football-fbs flag

Tyler Greenawalt | | December 23, 2015

The Hail Flutie, through the eyes of a Boston College offensive lineman

  Doug Flutie's game-winning Hail Mary against Miami will be remembered forever in college football history.

An eerie feeling crept over Boston College offensive lineman Mark MacDonald on Nov. 23, 1984. Standing in a jam-packed Orange Bowl, the senior captain felt confident in his team, but unsure of how the Eagles’ bout with the defending national champion Miami Hurricanes would play out on the slightly-wet field.

“If we did our job and did our job well, Doug Flutie would find a way to win,” MacDonald said. “We just had to give him the opportunity.”

Almost four hours later, MacDonald laid the final block that allowed Flutie, the Eagles' crafty quarterback, the time to engineer one of the greatest last-second Hail Mary passes in college football history.

The Build-up

MacDonald remembers the day as hot and humid, but records from the Miami airport show a day cooler than average. But for 6-foot-5, 267 lineman from West Roxbury, Massachusetts, a 60-degree day in late November must have felt like summer.

"It was kind of very overcast with rain, sleet, you know. Miami fog," MacDonald said. "And I thought to myself, 'Well this is going to be tough. Rough field. Maybe it’ll slow down their great athletes.’”

As much as MacDonald hoped the conditions would contain the Hurricanes, that would not be the case. By game's end, the two teams accounted for 1,273 yards, 15 scoring drives and 92 points.

Boston College started hot with two first-quarter scores, only to see Bernie Kosar and Miami fire back in the second quarter to draw within one score. Immediately following halftime, the Hurricanes tied the game at 28, and it became clear to MacDonald -- and the rest of the football world watching -- how this game would end.

“Whoever has the ball last is going to win,” MacDonald said.

And late in the fourth quarter, Miami looked to be that team. Boston College retook the lead with 3:50 to play on an 82-yard drive, but the Hurricanes were driving and eating away at the clock.

Watching from the sidelines, MacDonald remembers hearing Flutie offer an intriguing idea to BC head coach Jack Bicknell: “Maybe we should just let them score…”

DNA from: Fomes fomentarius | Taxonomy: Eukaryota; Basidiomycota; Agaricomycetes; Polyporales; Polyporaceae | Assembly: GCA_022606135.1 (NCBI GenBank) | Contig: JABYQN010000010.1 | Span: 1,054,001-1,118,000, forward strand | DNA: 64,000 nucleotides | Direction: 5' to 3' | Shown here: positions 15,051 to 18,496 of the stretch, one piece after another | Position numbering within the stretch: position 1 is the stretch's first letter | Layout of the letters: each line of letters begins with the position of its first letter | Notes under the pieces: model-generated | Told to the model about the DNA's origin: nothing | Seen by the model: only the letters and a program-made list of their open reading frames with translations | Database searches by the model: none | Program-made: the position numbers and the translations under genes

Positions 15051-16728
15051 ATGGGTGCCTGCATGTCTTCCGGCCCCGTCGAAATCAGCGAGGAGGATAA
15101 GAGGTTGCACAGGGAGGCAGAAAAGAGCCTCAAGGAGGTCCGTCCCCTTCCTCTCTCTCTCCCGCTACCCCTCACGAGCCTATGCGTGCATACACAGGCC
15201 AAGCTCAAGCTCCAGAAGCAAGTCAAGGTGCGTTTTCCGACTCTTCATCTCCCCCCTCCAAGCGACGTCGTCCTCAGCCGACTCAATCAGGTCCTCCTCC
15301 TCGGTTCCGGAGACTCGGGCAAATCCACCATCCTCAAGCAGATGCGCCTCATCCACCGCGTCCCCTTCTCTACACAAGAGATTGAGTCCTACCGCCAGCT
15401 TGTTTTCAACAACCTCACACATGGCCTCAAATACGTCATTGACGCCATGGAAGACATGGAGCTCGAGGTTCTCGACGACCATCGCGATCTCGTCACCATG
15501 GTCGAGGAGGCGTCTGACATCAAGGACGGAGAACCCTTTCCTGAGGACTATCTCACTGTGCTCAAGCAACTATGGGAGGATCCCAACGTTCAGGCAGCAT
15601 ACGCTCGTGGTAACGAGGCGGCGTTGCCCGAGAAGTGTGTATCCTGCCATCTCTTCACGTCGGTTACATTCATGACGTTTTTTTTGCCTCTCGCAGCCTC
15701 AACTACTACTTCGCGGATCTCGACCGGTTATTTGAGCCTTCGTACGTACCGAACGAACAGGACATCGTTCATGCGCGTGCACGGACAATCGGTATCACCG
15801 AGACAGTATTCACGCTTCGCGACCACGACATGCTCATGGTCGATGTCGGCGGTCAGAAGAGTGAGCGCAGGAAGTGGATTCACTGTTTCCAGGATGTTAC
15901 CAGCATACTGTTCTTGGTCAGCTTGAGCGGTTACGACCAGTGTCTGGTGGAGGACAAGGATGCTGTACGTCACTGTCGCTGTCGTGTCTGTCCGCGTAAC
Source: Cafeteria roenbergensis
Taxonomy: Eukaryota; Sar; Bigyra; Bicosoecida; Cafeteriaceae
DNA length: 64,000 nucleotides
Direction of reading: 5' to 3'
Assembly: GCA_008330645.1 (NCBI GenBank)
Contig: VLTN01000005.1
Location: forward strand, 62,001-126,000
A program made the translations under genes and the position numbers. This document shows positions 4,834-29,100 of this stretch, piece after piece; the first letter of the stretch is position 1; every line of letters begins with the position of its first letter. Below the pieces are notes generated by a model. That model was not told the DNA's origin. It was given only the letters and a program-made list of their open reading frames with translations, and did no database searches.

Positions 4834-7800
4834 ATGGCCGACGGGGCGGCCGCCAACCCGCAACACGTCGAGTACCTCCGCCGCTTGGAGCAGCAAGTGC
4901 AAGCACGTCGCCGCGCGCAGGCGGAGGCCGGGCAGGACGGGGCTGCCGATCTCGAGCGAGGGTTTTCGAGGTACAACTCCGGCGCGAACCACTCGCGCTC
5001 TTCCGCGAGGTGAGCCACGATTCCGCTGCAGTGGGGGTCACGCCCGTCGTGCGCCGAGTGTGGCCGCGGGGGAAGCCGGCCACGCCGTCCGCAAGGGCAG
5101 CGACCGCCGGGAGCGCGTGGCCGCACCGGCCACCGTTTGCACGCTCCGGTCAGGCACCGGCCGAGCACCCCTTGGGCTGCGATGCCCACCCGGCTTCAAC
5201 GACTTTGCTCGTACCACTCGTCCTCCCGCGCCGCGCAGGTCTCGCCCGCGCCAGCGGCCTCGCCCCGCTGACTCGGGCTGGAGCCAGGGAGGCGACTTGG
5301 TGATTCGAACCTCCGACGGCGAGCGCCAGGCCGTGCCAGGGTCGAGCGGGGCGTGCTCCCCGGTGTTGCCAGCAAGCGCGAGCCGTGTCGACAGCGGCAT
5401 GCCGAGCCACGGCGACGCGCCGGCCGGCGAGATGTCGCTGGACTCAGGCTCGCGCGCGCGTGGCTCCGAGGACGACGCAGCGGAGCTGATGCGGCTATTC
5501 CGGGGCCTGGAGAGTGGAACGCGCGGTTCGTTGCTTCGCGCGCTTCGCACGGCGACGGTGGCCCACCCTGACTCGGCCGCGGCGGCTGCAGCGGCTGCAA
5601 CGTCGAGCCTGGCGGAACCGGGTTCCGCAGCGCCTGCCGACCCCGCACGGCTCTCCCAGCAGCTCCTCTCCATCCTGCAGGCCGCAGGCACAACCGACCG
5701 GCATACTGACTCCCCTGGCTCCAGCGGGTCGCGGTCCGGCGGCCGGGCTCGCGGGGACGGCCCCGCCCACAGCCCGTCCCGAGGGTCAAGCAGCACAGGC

Now, MacDonald knew Bicknell would never do that, but he did hope Miami would score sooner rather than later.

“The quicker they score, the better chance we have,” he thought to himself. “They’re obviously going to pull ahead and I don’t think we can stop them.”

One minute and thirty seconds. That amount of time, MacDonald thought, would be enough for Flutie and the Eagles to win. Anything less…

The Final Drive

Miami scored for the final time with 28 ticks left on the clock, leaving the Eagles with little time to mount a comeback.

“Boy, how’s he going to pull this off?” MacDonald thought as the Eagles trotted onto the field.

Starting at their own 20, Flutie completed one pass for 19 yards and another for 13 to push the Eagles into Hurricane territory. With each pass, MacDonald’s confidence rose. And with six seconds left on the clock, the Eagles were down to one last play.

Apprehension. Uncertainty. Doubt. MacDonald felt it all. But one feeling remained: hope.

“We had the best football player I’ve ever seen in the huddle with us,” MacDonald said. “I had my doubts, but at the same time I felt like if anybody could pull this one off, it’ll be him.”

In the huddle, Flutie called the now-famous “Flood Tip” play, where the receivers ran straight routes into end zone where they would attempt to either catch the ball or tip it to another receiver. The Eagles broke the huddle and took their places for what would be the final play of the game.

MacDonald lined up with his fellow lineman Mark Bardwell, Jack Bicknell, Steve Trapilo and Shawn Regent against Miami’s Jerome Brown, Willie Lee Broughton and Dallas Cameron.

The Play